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THOUGHTS AS THE WATER GETS HOTTER

The following excerpt from the diary of Governor J. Fife Plushbottom III was delivered to New Times by secret courier:

Dear Diary:
Once again, history proves that I have taken the correct course.
My mother was so cheap. She balked at first when I asked her to lend me the $2 million I needed for my gubernatorial campaign.

"Listen to me," I told her. "Do you want your son to be sent to the same prison with a gross arriviste like Charlie Keating?

"Give me this money now and I can be elected governor. Once I'm up there on the ninth floor, it will change the way my business dealings with the Esplanade project are viewed." I was so right. Now that I'm governor, I have a platform anytime I need it.

So let the feds make all the unpleasant charges they want. All I have to do is tell those dunderheads down at the Arizona Republic that I'm available for an exclusive interview.

They will splash my views across the top of the front page every time.
As the Bard wrote: "Cry `Havoc!' and let slip the dogs of war." Let those guys in Washington file all the suits they want.

I can neutralize them.
All I have to do is keep crying that it's dirty politics. People understand that. Nobody reads past the third paragraph in the story, anyway.

How can the government claim that what I did with the Esplanade was illegal?

All I did was to point out to my fellow board members at Southwest Savings what a wonderful project I had in mind for the corner of 24th Street and Camelback.

I have always had a gift for persuasive talk.
Of course, they agreed to lend my group $30 million to build the project. I convinced them it would turn out to be worth $400 million. Can I help it if business turned bad?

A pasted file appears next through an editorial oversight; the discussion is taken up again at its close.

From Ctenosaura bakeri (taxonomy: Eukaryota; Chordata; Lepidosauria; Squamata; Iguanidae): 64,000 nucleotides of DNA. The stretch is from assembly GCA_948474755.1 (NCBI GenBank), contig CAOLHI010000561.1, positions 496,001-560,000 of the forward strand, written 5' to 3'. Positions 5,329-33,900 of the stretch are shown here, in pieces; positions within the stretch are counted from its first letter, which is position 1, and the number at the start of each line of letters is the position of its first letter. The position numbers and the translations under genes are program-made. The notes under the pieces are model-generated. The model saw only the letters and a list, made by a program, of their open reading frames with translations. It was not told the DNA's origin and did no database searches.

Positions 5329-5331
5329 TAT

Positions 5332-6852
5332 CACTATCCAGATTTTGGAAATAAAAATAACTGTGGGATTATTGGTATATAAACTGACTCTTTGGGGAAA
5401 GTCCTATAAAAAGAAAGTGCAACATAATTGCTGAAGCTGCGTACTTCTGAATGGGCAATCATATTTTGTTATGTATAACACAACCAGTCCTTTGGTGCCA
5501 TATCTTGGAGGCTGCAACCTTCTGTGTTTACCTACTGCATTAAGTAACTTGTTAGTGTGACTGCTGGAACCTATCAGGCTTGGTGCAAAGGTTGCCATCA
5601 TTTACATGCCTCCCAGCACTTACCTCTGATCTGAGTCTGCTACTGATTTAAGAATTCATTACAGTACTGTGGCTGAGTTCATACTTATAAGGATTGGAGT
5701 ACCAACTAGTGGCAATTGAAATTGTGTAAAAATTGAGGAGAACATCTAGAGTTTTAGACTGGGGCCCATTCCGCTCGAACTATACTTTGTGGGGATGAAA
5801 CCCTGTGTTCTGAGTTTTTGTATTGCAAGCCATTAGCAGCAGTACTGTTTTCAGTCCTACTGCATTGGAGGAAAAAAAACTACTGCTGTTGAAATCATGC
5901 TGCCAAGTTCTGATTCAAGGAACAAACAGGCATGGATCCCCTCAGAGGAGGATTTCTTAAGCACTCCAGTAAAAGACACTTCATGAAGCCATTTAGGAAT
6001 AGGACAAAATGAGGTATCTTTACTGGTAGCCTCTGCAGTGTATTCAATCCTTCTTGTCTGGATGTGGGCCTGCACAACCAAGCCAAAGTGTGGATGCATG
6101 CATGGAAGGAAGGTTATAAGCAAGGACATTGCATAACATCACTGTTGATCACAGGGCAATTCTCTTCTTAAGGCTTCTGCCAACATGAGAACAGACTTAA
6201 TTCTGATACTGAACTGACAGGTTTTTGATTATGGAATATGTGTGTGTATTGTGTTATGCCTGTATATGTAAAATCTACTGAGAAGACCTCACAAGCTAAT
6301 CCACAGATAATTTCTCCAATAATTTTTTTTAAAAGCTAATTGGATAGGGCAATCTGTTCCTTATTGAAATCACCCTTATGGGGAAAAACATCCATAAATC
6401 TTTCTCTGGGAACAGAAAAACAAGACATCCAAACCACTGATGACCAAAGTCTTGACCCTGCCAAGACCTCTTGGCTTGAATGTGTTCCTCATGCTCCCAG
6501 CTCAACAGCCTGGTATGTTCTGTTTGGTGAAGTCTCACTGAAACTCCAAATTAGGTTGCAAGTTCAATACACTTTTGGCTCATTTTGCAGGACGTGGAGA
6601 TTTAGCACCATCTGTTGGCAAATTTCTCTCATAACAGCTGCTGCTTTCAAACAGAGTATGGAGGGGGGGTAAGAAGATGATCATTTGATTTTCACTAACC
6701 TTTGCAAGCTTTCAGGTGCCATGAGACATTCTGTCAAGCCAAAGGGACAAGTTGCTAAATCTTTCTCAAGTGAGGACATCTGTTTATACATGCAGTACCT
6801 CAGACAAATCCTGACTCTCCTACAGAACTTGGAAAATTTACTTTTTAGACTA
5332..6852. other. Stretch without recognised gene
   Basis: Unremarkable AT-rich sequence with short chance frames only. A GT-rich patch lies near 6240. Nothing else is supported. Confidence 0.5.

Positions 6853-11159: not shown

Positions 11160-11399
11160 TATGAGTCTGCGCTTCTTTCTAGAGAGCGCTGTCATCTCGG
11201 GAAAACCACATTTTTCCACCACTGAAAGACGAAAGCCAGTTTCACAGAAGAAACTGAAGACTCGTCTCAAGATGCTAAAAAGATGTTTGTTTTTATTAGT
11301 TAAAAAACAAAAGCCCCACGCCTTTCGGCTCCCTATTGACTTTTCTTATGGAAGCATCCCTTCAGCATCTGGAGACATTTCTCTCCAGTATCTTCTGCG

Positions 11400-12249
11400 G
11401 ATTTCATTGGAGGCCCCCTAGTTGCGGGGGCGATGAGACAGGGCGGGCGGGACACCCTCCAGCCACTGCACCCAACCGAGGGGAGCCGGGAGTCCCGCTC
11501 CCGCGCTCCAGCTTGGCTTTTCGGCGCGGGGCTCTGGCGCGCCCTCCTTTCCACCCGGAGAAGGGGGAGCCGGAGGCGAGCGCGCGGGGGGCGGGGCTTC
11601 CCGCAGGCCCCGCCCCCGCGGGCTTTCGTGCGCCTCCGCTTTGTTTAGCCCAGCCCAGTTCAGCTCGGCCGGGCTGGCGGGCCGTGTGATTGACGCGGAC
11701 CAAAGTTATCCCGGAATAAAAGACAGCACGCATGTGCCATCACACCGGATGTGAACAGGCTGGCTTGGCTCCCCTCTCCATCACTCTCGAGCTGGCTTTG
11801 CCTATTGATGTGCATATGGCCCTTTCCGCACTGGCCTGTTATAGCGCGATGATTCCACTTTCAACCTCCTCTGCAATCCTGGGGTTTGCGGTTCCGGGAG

And why does anyone think it so unusual that I didn't put up any of my own money?

I am on firm ground here. I have always been known as a man who does not spend his own money.

Dear Diary, my ace in the hole is that I have such a keen business mind. I got it from my grandfather. I have always said that about myself, and I know that I'm not boasting.

I'll be glad when I'm finally out of that Mercado project. It has been a dog from the start. Dealing with all those labor types. It just proves I was right to have doubts about it.

It was never going to be a world-class project like my Esplanade.
The failure of the Esplanade has only proved to me once again that the lower classes don't know how to appreciate the finer things in life.

You would think they would flock to fill the office space. They just don't understand how important it is to be situated at 24th Street and Camelback.

I hate it when I hear people say the traffic is terrible at that intersection. The traffic isn't my fault. It was there even before I built the project.

I don't like these continued references to the possibility of criminal prosecution. I don't want that thought put into the minds of the government prosecutors.

I look at those pictures of Keating in court, and I don't like what I see. But they could never do that to me. I'm the goddam governor. That's got to count for something.

Suppose they did file a criminal charge? Would I have to resign as governor? By God, I'm making a promise to myself that they will never get me to resign.

They will have to blast me out of this office.
Why should I leave? I have brought all my friends here, and they like it. We all like it. I just love riding up to my office on the top floor in that elevator. I like walking in the building. I like all those people trying to smile at me and say hello.

Besides, if I resign as governor, I'll have to start driving my own car again. Pretty soon, it will be time to get a new one. And then I'd have to go and borrow some more money from that goddam mother of mine.

That's enough for today, Dear Diary. This will be a busy week. I can see that I'd better get out and make some statements on the local radio. I'll beat this thing yet.

The failure of the Esplanade has only proved to me once again that the lower classes don't know how to appreciate the finer things in life.

I look at those pictures of Keating in court, and I don't like what I see. But they could never do that to me. I'm the goddam governor.

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